Heart attacks increase the Monday after Daylight Saving Time

Dave LeMote wipes down a post clock at Electric Time Company, Inc. in Medfield, Mass., Friday, March 7, 2014. Most Americans will set their clocks 60 minutes forward before heading to bed Saturday night, but daylight saving time officially starts Sunday at 2 a.m. local time (0700GMT). (AP Photo/Elise Amendola)

TERRE HAUTE, Ind. (WTHI) – As people set their clocks forward for daylight saving time they should worry about more than just losing an extra hour of sleep. Instead, the worry should lie with heart health.

The tiresome feeling is a small price to pay for the onset of spring, but a new study suggests for some it may be a hazard to their health.

The study, found in the journal Open Heart, reveals the number of reported heart attacks increased by 24% on the Monday following spring’s Daylight Saving Time. That number is compared with the daily average for the weeks surrounding the start of the time change.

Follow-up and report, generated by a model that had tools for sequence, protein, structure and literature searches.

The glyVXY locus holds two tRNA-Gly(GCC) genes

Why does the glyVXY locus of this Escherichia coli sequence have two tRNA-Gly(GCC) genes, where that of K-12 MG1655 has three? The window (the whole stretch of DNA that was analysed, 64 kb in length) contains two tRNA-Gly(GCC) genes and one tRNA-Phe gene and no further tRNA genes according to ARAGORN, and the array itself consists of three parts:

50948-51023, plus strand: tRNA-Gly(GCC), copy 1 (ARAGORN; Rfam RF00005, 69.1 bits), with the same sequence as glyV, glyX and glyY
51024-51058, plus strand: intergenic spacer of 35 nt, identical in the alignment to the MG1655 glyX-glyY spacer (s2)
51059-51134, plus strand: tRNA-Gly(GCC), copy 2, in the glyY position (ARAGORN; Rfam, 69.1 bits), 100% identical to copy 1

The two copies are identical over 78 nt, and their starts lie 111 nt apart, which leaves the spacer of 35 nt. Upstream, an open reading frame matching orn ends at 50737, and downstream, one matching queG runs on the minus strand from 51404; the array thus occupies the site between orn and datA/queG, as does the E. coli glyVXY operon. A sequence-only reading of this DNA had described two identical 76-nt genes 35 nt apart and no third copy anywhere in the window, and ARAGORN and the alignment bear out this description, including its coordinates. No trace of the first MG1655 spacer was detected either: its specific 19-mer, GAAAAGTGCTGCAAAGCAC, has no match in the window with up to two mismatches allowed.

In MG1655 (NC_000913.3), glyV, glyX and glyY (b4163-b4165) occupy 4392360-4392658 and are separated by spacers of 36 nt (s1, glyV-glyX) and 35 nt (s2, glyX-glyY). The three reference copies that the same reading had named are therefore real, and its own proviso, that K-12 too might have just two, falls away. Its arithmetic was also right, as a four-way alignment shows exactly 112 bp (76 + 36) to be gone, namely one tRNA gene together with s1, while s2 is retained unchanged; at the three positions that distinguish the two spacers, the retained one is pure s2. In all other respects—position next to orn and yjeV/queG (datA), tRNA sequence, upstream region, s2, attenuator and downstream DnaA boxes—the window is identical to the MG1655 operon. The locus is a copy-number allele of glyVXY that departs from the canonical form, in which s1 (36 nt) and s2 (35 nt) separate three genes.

The study also found that heart attack numbers fell by 21% in the fall when people gain an hour of sleep with Daylight Saving Time.

The report doesn’t outline reasons why the numbers change so drastically, but researchers suggest lack of sleep and added stress could trigger a heart attack in those who are already at risk.

With this in mind, those at risk of a heart attack shouldn’t delay a trip to the emergency room if they feel chest pain.

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